Michael Cohen, Trump’s loquacious personal attorney, is a prominent figure in the Steele dossier (which, it should be noted, he claims is spurious). Whether or not he met with Russian operatives in Prague, as Steele reports and Cohen vehemently denies, he certainly participated in a meeting with Trump business associate Felix Sater at Trump Tower, at which the lifting of sanctions was discussed, and delivered the results of that meeting to Flynn. He’s as intimately involved with Trump/Russia as he is with his daughter’s lingerie-modeling career.

Jared Kushner took all the meetings, as well as God knows how many phone calls with Kislyak. He also met, covertly, with the CEO of Vnesheconombank, a sanctioned Russian state bank, the day after his secret Trump Tower rendezvous with Kislyak. His idea to use Russian diplomatic facilities as a “backchannel,” which he mistakenly believed would circumvent the NSA finding out, was so brazen that even the many-chinned Russian ambassador was taken aback. Either Kushner was the mastermind behind the whole operation, or, more likely, he was given an assignment by his father-in-law (“Figure out a private way for us to talk.”). The consensus among spooks is that what he did is punishable under the Espionage Act. Oh, and he also lied on his SF86twice… which is a felony…twice: 10 years in the slammer.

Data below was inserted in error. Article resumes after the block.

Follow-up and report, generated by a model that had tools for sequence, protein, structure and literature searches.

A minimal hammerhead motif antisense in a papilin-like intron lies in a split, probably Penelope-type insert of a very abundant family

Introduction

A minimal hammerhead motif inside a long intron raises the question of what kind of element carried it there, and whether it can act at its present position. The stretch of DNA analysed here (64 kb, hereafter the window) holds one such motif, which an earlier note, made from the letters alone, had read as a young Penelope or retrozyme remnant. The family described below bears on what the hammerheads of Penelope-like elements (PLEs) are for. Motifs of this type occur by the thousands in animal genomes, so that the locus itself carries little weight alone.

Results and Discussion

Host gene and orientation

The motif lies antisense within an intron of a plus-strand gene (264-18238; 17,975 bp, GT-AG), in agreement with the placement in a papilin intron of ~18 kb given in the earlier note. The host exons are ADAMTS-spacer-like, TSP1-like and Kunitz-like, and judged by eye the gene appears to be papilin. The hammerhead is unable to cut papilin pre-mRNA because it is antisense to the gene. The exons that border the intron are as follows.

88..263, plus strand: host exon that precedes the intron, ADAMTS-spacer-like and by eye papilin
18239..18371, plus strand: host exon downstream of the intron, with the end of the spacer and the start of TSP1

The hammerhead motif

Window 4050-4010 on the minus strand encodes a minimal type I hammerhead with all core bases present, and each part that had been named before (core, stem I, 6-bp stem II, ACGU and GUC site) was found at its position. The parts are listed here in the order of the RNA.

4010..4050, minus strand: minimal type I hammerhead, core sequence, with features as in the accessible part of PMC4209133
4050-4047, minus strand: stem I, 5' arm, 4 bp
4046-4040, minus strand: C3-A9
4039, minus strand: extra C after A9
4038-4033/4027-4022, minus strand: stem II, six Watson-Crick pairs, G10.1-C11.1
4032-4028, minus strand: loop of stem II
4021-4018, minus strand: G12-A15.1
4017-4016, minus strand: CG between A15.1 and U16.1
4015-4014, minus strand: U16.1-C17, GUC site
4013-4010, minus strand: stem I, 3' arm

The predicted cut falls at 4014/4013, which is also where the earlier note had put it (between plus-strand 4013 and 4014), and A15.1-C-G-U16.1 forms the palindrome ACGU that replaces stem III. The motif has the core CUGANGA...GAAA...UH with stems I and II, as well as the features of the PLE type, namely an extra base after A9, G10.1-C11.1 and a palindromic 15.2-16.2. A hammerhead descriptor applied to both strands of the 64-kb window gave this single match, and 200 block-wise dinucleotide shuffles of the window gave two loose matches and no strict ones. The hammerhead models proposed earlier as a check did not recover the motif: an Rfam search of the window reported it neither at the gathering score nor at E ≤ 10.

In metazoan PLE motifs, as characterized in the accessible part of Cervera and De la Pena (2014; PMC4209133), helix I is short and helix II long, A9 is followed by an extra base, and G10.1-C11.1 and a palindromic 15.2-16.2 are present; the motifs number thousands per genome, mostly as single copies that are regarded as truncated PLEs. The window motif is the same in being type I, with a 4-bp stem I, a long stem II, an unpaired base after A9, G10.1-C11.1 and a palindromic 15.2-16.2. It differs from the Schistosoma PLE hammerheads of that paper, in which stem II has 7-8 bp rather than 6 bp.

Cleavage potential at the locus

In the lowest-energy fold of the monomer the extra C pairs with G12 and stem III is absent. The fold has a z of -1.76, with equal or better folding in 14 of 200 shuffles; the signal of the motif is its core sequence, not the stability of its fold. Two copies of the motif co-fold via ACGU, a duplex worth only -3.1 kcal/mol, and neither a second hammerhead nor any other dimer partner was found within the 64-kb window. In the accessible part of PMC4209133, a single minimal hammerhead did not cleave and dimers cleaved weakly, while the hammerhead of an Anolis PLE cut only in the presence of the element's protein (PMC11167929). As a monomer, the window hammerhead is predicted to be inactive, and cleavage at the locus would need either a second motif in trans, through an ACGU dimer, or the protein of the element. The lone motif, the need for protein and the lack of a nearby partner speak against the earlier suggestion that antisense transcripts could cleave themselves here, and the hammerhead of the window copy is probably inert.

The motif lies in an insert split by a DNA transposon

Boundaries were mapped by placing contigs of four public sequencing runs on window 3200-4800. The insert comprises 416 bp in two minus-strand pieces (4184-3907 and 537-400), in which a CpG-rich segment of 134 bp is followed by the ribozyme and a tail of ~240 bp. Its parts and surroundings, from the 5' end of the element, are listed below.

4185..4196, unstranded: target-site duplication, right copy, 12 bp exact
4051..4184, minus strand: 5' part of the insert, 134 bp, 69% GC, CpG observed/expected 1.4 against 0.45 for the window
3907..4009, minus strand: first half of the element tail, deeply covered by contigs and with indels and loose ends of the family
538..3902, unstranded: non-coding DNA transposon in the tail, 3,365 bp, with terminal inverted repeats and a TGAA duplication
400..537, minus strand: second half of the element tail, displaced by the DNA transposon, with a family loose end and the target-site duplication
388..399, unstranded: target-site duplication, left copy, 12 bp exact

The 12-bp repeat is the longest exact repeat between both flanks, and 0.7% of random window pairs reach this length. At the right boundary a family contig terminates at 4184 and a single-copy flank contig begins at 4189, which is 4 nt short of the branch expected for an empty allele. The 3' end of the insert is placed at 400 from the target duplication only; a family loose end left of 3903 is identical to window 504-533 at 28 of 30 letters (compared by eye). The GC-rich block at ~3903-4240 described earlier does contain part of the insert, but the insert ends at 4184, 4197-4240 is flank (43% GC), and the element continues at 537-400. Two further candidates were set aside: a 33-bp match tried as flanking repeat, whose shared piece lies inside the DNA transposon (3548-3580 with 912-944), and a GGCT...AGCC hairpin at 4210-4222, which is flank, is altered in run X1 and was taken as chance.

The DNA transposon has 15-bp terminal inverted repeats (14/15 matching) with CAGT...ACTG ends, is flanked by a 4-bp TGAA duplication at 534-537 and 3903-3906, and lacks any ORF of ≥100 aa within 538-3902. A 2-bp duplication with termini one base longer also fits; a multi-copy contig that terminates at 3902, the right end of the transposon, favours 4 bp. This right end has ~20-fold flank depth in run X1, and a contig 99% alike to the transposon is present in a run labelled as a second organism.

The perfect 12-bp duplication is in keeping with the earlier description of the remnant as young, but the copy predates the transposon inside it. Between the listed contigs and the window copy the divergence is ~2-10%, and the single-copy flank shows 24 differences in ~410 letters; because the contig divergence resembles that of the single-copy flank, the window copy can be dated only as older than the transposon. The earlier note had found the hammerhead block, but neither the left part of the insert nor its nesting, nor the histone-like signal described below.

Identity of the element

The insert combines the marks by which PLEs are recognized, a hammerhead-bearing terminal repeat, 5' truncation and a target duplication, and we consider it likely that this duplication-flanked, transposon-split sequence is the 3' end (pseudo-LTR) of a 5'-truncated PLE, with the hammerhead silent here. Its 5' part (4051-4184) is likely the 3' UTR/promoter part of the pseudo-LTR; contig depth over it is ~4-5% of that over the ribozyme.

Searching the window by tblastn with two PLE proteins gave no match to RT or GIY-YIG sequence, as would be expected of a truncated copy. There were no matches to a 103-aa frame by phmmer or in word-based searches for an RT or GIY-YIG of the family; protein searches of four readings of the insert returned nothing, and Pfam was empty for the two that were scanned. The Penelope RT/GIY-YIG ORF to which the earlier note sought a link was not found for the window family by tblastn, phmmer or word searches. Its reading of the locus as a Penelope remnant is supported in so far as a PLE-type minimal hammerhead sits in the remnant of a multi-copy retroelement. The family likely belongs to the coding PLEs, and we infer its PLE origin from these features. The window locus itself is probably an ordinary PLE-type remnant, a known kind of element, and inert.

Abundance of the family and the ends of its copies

Whether Donald Trump is an active participant or useful idiot, whether he initiated the collusion or was talked into it by Manafort and Flynn, whether there was actual quid pro quo or just kompromat, his firing of Jim Comey (at Kushner’s behest, supposedly), his attempt to woo the directors of various intelligence agencies to disavow the Russia Story, his non-denial of Kushner’s latest backchannel attempt, and his decision to lawyer up and convene a “war room” to combat Trump/Russia allegations, are not behaviors that bespeak of innocence.